NATHAN CHAN/THE VARSITY

Even for the lucky few who can achieve intense gains in a mere three-week training session, building muscle is a difficult task.

Hard work is more than necessary, as producing clean muscle requires effort, interest, commitment, and — above-all else — time. Add academics on top of all that, and student-athletes can have difficulty getting the most out of their training.

Since the use of steroids would require both a prescription and a rewrite of regulations relating to the use of performance enhancing drugs, supplements have surged to the forefront of athletics as the mechanism for progression.

As advertisements for drugs and supplements can confuse even the most intelligent among us, a clear distinction must be made between the two.

Drugs, including steroids, alter the body’s chemistry in a manner that increases testosterone and muscle growth. This amounts to great results from seemingly little effort — and is why they are often banned from the world of professional athletics.

Supplements, on the other hand, are designed to replace or ‘supplement’ the minerals, vitamins, and amino acids that are present in certain foods or add nutrients to an already stable diet.

There are questions, however, about the efficacy of the products, especially with respect to building muscle. Scientific studies on the efficiency of the products often conflict and offer little in the way of assistance.

Creatine is the most popular supplement among academic athletes. According to the WebMD site,“An estimated 40% of college athletes and up to half of professional athletes say they use creatine supplements.”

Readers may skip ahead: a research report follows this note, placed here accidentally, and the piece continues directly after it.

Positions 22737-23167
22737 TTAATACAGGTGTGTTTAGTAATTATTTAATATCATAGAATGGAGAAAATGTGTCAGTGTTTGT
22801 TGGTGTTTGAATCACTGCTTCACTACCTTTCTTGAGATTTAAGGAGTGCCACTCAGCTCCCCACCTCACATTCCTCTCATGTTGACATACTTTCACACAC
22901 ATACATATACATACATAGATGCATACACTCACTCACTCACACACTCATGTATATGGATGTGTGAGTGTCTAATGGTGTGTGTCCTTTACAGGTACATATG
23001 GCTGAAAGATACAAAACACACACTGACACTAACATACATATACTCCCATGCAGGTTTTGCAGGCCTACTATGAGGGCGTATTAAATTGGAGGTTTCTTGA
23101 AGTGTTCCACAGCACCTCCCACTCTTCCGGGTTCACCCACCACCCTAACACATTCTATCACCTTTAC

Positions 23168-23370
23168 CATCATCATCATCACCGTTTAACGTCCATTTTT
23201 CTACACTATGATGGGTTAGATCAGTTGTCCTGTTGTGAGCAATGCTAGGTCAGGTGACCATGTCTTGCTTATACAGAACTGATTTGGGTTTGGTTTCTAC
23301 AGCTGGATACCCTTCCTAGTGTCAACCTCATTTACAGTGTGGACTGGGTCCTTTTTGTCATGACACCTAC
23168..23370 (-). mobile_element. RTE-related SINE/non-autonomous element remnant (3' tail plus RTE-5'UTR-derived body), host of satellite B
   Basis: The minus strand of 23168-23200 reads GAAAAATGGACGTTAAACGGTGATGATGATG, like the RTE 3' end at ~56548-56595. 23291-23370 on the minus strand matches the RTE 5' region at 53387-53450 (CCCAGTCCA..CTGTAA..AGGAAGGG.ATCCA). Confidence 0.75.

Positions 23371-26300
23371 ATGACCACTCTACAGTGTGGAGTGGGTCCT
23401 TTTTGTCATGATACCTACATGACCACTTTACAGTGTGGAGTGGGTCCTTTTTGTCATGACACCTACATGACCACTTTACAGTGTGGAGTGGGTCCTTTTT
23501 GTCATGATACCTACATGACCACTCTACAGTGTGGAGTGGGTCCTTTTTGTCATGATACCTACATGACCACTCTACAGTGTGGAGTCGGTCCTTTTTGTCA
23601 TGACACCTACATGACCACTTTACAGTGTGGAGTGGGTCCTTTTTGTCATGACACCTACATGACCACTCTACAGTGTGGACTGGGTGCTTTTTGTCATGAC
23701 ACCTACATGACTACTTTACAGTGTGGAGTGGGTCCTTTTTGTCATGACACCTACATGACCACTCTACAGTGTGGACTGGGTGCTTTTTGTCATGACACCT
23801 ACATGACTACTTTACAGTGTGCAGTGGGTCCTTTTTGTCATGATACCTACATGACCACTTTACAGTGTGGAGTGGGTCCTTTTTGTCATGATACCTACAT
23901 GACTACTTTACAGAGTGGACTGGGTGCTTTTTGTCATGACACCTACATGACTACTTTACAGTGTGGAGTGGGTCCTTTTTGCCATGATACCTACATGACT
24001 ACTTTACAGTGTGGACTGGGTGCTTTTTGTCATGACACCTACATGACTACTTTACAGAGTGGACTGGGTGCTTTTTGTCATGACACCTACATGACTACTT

Some studies show evidence that creatine supplements improve performance during short periods of athletic activity, so it comes as no surprise that it is utilized when lifting.

Protein powders are another common supplement that have become a staple of many athletes’ diets. 

Protein is required for muscle growth, and the human body relies on a stable source of nutrients, so the practice of maintaining a healthy diet while also consuming extra protein will promote growth, both on and off the field.

Protein is best absorbed through an aqueous solution, though, contrary to what the typical high school football star might assume, drinking protein all day is not the most efficient way of acheiving muscle growth.

For the leanest and cleanest muscle building results, a person should drink protein directly after a workout as their muscles are repaired. This, as well as a stable diet, is sure to produce clean muscle without many side effects.

Supplements like protein powder, however, should never fully replace certain foods, like amino acid rich meats.

Careful consideration must be taken to ensure a healthy-diet, which, after all is most important — not just making gains.

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